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Budgeting for Failure
In previous posts, I talked about a couple tactics that have helped me deal with failure: turning “what a failure” into “what a useful experiment” and reminding myself that 0 failure means 0 growth. Today, I’ll share my 3rd tactic: budgeting for failure.
This idea came from a friend who, years ago, used to get really irritated when they got a parking ticket. Every day, they would drive to our suburban office, and sometimes get so caught up in the flow of work that they would forget to pay the meter. Even though it was probably a good investment overall — getting many hours of focus at the cost of an occasional not-too-expensive parking ticket — having to pay it made them feel bad and they’d get upset.
One day, they decided to create an “annual budget” for parking tickets that they set aside in advance. The moment they did that, they no longer got upset when they got parking tickets — because they knew they weren’t losing money needlessly, but instead were consciously investing a budget so they could focus more at work.
I was so inspired by this. Now, whenever I’m starting something new, I ask myself: what’s my budget for failure?
If I’m giving a series of talks, I remind myself ahead of time that some of them won’t be as good as others — so if one of them doesn’t go as well as I wanted, I know it’s okay. If I’m taking on a new domain and kicking off a bunch of projects, I ask myself “For what % of these projects would it be okay if they took a little longer than originally planned?” If I’m planning a family vacation, is it okay if not every night is perfect?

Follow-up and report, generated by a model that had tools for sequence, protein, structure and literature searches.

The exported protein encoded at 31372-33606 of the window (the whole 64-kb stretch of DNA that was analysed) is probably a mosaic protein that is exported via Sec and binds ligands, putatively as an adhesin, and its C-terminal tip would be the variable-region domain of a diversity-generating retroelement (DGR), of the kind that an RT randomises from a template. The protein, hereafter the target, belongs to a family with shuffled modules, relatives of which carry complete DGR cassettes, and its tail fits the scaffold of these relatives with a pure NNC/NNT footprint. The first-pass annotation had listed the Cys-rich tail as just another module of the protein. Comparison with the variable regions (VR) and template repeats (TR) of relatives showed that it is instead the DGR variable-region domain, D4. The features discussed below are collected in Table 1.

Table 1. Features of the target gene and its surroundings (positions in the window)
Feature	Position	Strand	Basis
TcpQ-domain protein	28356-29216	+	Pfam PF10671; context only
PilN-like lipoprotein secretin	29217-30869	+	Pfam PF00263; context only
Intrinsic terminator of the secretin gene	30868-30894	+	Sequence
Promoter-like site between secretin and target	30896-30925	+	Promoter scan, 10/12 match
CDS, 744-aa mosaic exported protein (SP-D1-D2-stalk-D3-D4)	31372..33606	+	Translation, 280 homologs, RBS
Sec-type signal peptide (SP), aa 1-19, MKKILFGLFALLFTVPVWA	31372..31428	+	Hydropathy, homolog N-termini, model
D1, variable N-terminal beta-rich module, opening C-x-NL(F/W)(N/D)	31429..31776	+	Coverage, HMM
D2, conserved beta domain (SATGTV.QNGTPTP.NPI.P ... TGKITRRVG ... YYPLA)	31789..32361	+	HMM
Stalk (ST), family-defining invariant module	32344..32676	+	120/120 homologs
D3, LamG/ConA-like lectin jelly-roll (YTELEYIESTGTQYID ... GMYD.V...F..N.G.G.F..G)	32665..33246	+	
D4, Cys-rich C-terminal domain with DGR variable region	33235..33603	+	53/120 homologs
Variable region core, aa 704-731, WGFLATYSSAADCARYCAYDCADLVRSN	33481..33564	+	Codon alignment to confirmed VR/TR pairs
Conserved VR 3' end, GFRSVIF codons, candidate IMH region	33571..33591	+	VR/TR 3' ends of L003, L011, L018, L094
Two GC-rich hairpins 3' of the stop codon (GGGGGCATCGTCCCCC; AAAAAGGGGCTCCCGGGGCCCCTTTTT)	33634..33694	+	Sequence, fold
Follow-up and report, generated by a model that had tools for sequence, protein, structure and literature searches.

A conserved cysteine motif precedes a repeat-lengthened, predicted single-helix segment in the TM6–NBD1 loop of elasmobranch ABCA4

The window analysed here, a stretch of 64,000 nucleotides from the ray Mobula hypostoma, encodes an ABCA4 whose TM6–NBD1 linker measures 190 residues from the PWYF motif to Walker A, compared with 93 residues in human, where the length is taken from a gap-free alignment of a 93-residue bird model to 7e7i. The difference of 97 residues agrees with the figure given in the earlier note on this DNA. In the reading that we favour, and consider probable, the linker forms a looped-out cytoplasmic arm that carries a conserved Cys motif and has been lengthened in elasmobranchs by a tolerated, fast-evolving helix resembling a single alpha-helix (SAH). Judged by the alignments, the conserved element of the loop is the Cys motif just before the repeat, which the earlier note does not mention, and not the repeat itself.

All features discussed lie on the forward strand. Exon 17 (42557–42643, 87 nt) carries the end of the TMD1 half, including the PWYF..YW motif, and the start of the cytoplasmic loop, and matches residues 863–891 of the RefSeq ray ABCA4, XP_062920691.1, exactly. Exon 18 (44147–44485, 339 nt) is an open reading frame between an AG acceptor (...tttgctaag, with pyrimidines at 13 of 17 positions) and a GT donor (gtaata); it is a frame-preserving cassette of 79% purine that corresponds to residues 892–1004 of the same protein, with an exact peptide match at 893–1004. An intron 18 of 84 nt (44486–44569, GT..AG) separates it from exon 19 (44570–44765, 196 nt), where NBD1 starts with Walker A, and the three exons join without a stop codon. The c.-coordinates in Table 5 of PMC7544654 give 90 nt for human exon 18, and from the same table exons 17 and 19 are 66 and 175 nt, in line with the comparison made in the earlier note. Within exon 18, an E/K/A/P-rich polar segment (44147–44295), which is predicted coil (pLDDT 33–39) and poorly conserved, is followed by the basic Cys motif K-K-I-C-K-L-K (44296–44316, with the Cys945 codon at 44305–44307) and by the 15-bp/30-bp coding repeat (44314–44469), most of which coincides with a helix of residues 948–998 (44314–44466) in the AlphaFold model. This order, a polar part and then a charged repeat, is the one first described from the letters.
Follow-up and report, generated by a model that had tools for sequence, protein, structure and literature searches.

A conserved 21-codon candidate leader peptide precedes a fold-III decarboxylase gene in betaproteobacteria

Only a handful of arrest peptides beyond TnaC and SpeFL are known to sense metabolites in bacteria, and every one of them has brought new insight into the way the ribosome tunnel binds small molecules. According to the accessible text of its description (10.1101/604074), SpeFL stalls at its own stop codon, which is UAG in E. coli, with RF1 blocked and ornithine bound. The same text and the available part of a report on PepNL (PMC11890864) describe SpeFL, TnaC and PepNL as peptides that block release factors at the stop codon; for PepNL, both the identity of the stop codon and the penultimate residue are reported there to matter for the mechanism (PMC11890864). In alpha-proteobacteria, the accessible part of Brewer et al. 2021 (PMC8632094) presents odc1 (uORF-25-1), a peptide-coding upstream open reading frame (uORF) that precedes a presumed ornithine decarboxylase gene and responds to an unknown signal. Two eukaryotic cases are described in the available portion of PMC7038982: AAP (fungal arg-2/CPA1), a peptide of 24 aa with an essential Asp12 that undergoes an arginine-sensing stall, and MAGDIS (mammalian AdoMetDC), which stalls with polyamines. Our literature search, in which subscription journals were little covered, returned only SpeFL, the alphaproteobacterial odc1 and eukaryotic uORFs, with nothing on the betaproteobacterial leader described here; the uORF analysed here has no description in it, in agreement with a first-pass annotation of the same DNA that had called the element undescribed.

I know there will be some failure anytime I’m trying something. Preparing for this from the beginning — and even assigning a budget to it — makes it easier for me to recognize and deal with failure when it happens.
Ways having a budget for failure has helped me:
It helps me recognize faster when something fails. I already know that *something* I’m working on will fail, so I can focus on scanning for *what* the failure is. Then I can quickly shift more attention to it once I recognize it.
It makes it easier for other people to highlight what’s failing. By telling people I expect some things I’m working on to fail, people around me know they won’t offend me by flagging things that aren’t working. Instead, people can proactively join me in scanning for failures so we can address them faster.
Most importantly for me, it makes failures less emotional. When something doesn’t work, I still feel the sting of failure – but then I can think to myself, “Well, that was in the budget.”
But they have made failure less of an emotional burden. That makes it much easier to take risks, because I know I can recover faster from the failures.
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